Saturday, February 11, 2012

Alamosa National Wildlife Refuge

According to the wildlife refuge's website: "Alamosa National Wildlife Refuge was established in 1962 as a haven for migratory birds and other wildlife. 14,345 foot Mt. Blanca of the Sangre de Cristo Mountains provides a stunning backdrop for this 11,169 acre refuge."  Northern pintails, Sandhill cranes, and Canada geese stop at the valley refueling for their journey to northern breeding grounds in spring time; Nesting shorebirds (American Avocets, Wilson’s Phalaropes, White-faced Ibis), and water birds (American Bittern, Sora, Black-crowned Night Herons) arrive in summer. 

There was not much to be seen at Alamosa National Wildlife Refuge during winter time,  we visited there nevertheless after our Wolf Creek skip trip.

The refuge is linked to US 160 via a 2-mile long gravel road. I had to drive really slow, ~ 2 -5 mph to minimize the shake and swing, so we had time to look around - there was not much to look at in the valley - the wetland that migrating birds are here for was dry; the grass and vegetation were dormant, creeks had no water in them, the pounds were half full. The scene was gorgeous when I looked into horizon in any direction - blue sky, snow covered rocky mountains all around. We moved on to drive through the 2-mile auto tour route to have a look of the place.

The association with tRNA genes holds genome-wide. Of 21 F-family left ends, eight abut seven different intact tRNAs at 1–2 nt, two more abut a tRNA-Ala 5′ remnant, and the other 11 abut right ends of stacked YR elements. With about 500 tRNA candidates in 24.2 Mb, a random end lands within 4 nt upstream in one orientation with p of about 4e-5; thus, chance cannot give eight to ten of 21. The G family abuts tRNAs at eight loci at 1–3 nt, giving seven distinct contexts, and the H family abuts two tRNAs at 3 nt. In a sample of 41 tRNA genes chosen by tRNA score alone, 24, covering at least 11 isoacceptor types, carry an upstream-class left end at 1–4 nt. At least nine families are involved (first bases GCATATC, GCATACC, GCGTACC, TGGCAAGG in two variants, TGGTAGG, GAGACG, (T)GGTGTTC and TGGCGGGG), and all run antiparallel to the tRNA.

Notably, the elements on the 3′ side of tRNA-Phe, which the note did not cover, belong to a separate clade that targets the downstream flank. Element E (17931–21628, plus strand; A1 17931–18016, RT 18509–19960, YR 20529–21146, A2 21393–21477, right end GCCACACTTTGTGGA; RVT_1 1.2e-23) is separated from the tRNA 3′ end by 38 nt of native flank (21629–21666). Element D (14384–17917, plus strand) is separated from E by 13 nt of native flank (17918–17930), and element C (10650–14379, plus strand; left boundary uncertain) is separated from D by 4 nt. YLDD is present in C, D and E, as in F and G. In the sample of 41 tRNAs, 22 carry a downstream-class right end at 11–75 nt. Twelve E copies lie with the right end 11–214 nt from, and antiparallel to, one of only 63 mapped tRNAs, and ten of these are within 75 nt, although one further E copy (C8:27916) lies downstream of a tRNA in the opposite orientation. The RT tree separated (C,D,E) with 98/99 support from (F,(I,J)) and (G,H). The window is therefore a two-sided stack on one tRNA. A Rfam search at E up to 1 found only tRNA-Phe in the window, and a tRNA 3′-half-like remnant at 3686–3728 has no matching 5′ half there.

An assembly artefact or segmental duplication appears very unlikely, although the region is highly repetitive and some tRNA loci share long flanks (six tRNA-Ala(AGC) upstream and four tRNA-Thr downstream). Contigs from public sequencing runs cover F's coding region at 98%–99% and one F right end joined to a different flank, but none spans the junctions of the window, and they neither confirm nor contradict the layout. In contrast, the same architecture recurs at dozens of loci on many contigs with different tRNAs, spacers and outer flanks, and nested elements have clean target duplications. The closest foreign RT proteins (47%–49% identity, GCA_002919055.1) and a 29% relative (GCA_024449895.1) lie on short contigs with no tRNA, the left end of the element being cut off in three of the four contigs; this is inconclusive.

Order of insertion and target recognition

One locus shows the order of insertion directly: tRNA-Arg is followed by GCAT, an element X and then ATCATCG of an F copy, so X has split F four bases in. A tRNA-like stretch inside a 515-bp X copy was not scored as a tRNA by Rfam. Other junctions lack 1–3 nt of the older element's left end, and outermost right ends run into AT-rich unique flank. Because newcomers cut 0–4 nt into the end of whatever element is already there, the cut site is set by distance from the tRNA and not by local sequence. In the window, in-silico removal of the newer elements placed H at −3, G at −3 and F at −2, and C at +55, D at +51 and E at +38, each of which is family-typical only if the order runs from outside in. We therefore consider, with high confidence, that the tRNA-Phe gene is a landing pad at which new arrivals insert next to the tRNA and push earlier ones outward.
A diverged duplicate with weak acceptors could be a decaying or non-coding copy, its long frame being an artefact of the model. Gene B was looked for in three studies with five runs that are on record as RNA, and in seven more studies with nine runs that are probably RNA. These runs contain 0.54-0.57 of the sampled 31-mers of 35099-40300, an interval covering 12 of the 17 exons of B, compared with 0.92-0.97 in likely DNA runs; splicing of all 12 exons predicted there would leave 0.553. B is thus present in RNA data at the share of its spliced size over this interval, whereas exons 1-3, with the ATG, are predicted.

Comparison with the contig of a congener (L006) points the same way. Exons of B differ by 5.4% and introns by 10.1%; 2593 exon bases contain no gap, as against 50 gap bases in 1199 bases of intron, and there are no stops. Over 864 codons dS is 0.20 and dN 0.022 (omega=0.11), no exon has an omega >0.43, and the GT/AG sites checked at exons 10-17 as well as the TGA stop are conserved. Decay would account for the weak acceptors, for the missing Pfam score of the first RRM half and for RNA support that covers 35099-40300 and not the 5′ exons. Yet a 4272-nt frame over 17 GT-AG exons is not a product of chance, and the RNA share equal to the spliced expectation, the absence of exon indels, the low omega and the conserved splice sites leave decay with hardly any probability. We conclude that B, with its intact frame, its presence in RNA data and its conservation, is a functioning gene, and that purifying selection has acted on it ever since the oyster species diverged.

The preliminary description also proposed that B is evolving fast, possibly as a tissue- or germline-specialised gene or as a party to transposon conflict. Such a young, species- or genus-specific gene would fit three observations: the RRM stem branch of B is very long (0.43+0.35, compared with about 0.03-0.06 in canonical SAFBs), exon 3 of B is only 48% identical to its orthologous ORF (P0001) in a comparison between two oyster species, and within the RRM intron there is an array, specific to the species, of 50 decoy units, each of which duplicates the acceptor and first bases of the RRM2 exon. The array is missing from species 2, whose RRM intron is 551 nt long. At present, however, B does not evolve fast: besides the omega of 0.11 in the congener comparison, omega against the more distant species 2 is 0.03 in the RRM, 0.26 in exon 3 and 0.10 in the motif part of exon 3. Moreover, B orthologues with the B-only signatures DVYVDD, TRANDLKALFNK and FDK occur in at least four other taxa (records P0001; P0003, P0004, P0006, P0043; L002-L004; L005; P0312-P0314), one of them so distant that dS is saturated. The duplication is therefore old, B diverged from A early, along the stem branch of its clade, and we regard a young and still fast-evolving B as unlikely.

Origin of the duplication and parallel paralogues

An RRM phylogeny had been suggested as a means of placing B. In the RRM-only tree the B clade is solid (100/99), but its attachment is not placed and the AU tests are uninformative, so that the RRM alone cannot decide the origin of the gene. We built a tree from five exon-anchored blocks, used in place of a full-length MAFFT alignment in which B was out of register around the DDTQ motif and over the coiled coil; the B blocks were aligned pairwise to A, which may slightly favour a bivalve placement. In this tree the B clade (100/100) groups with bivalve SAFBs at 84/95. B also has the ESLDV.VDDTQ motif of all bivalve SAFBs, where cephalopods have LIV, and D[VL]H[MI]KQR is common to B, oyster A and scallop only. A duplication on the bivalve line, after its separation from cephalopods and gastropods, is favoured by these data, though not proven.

As we were near the visitor's center, Lily saw a big bird on the tree at the Y shaped intersection of roads. When I stopped the car at good position to take a picture of it, it flew away. It turned out to be a resident hawk. There were supposedly many bold eagles wintering at the refuge along Rio Grande; it was very cold that morning, we did not take a hike to Rio Grande river bank and thus missed a potential chance to watch bald eagles.

We drove on slowly, Lily and I chatting, the boys watching a movie. A mile into the auto tour route, I noticed a "wolf" by a forested area - we were all excited: it seemed to notice us as well, walking slowly along the edges of the bushed area, and then it disappeared - we continued to discuss whether it was a wolf or a coyote. As we were about to leave the auto tour route, I noticed a "wolf" again! Lily exclaimed " you really have good eyes for wildlife!" - this time she caught the animal on camera. From Big Bend to Yellowstone, from Denali to Banff, I have had a good track record on spotting wildlife. My secret is - not expect to see much but keep looking, be prepared to see. When chances do come, I feel the thrill of discovery!

The trip to  Alamosa was not great, but not bad. I hope that I will visit the area in the future to witness the migration of SandHill cranes at spring time.

note: checking the refuge's website - there is no wolf in the area, so what we saw was coyote. Justin did a side by side comparison of photos of wolf and coyote - the difference between the two is really small.

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